I usually don't read this series, but a relatively recent issue reference in another Batman title inspired the completist in me to pick it up. With heavier cover stock, a higher cover price, and writing by Scott Snyder, and art and cover—an awesome cover!—by Jock, All-Star Batman is a prestige format comic that makes good on its promise.

Batman, the Blackhawks, and Ra's Al Ghul collide in our nation's capital. The combat between Al Ghul and Bruce Wayne with a bayoneted musket rifle is a clever use of old weaponry. Al Ghul's commentary on the metaphorical value and power of monuments, and his using the Washington Monument as a broadcast antenna are also innovative ideas.



This issue also features a backup story written by Snyder that features the art of Francesco Francavilla, Dynamite Comics's favorite Italian. The story serves as a lead in to Dark Days: The Forge.

Availability: All-Star Batman #9 was reprinted in All-Star Batman Vol. 2: Ends of the Earth.

Tuesday, October 24, 2017

The Worst of Human Nature

Action Comics #985-987 (DC, October-November 2017, $2.99-$3.99)
DC's issue numbers, just like Marvel's, have all gone to heck with the recent rash of reboots and renumbering (New 52, Rebirth, etc.). Not long ago, however, select titles—including Action Comics—have returned to their original numbering as they approach #1000. Personally, I think that's a good thing. Regardless of whether a publisher frequently reboots or renumbers, I encourage all publishers to keep track of and make explicit the ongoing whole number of a title. Or, be more honest about volume numbers and keep that apace with the reboots. Keeping track of titles based on year of reboot is confusing and unnecessary.

Written by Rob Williams (#985-986) and Dan Jurgens (#987) and drawn by Guillem March (#985-986) and Viktor Bogdanovic (#987), these three issues include parts of two story arcs: "Only Human" and "The Oz Effect." In "Only Human," around the world, people and animals are being controlled by the Machinist using technology appropriated from Lexcorp. The militarized elephants and tigers are a fun concept, as is the combat between a power-suited (Apokoliptan tech!) Lex Luther—under the thrall of the Machinist—and Supes.



#987, then, with its unnecessary lenticular cover—can we please stop with the lenticular covers?—apparently draws to a head an ongoing plot thread that I'm just now exposed to: Mr. Oz. Having missed the teasers and build up, I don't want to give too much away, so suffice to say that Mr. Oz is a mysterious costumed figure wielding a scythe of sorts who seems intent on drawing out the worst of human nature in an attempt to persuade Superman that the human race isn't worth protecting. This issue reveals who Mr. Oz actually is, and if you read any of the comics leading up to this, you might be shocked or surprised. Personally, I'm confused and intrigued, so I look forward to next issue's secret origin.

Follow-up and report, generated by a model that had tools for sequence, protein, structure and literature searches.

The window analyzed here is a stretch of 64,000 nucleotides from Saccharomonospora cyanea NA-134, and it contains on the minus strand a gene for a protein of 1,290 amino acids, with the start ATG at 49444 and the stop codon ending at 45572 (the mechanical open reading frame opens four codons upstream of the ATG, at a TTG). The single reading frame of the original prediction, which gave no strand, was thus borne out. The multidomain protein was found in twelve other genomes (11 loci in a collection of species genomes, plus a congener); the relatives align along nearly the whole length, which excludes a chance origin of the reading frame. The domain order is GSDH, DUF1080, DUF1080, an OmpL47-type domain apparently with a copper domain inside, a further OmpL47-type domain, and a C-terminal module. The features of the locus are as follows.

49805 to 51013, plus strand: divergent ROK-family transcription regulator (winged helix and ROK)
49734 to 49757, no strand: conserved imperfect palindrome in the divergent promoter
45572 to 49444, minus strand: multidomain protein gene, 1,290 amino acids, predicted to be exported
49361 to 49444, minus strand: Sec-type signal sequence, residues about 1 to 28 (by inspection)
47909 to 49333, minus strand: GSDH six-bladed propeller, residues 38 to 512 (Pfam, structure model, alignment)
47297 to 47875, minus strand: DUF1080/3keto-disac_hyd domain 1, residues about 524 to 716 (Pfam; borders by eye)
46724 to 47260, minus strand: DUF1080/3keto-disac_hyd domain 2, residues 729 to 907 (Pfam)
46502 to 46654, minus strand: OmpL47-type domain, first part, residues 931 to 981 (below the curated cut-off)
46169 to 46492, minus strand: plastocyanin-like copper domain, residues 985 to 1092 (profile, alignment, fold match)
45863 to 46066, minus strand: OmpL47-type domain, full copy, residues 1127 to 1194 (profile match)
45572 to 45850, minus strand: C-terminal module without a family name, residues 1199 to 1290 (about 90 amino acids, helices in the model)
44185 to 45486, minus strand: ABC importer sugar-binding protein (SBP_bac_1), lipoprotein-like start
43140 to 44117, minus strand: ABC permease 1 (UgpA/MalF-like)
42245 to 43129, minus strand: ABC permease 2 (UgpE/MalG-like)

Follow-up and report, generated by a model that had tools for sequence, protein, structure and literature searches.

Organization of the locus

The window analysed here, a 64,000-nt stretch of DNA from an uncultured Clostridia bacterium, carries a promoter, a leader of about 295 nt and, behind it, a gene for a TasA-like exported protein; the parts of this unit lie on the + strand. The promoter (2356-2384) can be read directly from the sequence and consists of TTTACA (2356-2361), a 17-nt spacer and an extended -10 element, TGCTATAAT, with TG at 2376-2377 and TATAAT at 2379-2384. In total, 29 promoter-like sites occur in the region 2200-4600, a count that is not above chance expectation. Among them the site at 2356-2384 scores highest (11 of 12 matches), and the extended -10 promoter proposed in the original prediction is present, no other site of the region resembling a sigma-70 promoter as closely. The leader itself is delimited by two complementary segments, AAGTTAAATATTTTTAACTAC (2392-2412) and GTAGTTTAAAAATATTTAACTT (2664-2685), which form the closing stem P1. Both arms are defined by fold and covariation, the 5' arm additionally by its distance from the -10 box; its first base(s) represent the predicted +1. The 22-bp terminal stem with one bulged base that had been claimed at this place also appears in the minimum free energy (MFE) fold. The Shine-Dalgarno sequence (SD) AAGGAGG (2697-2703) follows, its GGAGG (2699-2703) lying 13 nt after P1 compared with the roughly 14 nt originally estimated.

It's quite fun to see Hallie Bulleit, Bill Florio, Mikey Erg, and other members of the house band for The Chris Gethard Show in ads for the TruTV series. The faux vintage covers featuring Harley Quinn to celebrate 25 years of that character is nice work by Ryan Sook. But a crossover series featuring Harley Quinn and Poison Ivy meeting Archie Comics's Betty and Veronica? Whoah.

Availability: Action Comics #985, 986, and 987 have yet to be collected. (You can buy them online or as back issues, however.) Mr. Oz's appearance in DC Universe: Rebirth #1 has been collected in Rebirth Omnibus, Vol. 1.

Monday, October 23, 2017

Noir Gravity

Jessica Jones: Alias Vol. 1 (Marvel, 2015, $24.99)
I am just getting around to watching the now not-so-new-anymore Marvel shows on Netflix, starting with Jessica Jones. I'm starting with this program—rather than Daredevil or Luke Cagebecause, while it was the second series aired by Netflix, it was a character I wasn't familiar with; and because of the actress Krysten Ritter, whose role on Breaking Bad, while short-lived, was excellent.

After an episode or two of the series, I was intrigued enough to go to the comics, so here I am reading Jessica Jones: Alias Vol. 1, which collects #1-9 of Alias, originally published by Marvel as part of its Max Comics. Truth be told, this is also my first exposure to Max, which I initially avoided entirely because I didn't really need to read "mature" comics published by Marvel. (There are already plenty of mature comics already available!) And I didn't feel the need to explore the seamier side of Marvel's street-level heroes. Boy, did I miss out at the time!

Featuring writing by Brian Michael Bendis, art by Michael Gaydos, covers by David Mack (Kabuki!), and additional art by Bill Sienkiewicz, the comic series is more Max Allan Collins-like noir adventure than superhero fare, regardless of ones's previous heroism as Jewel and membership in the Avengers.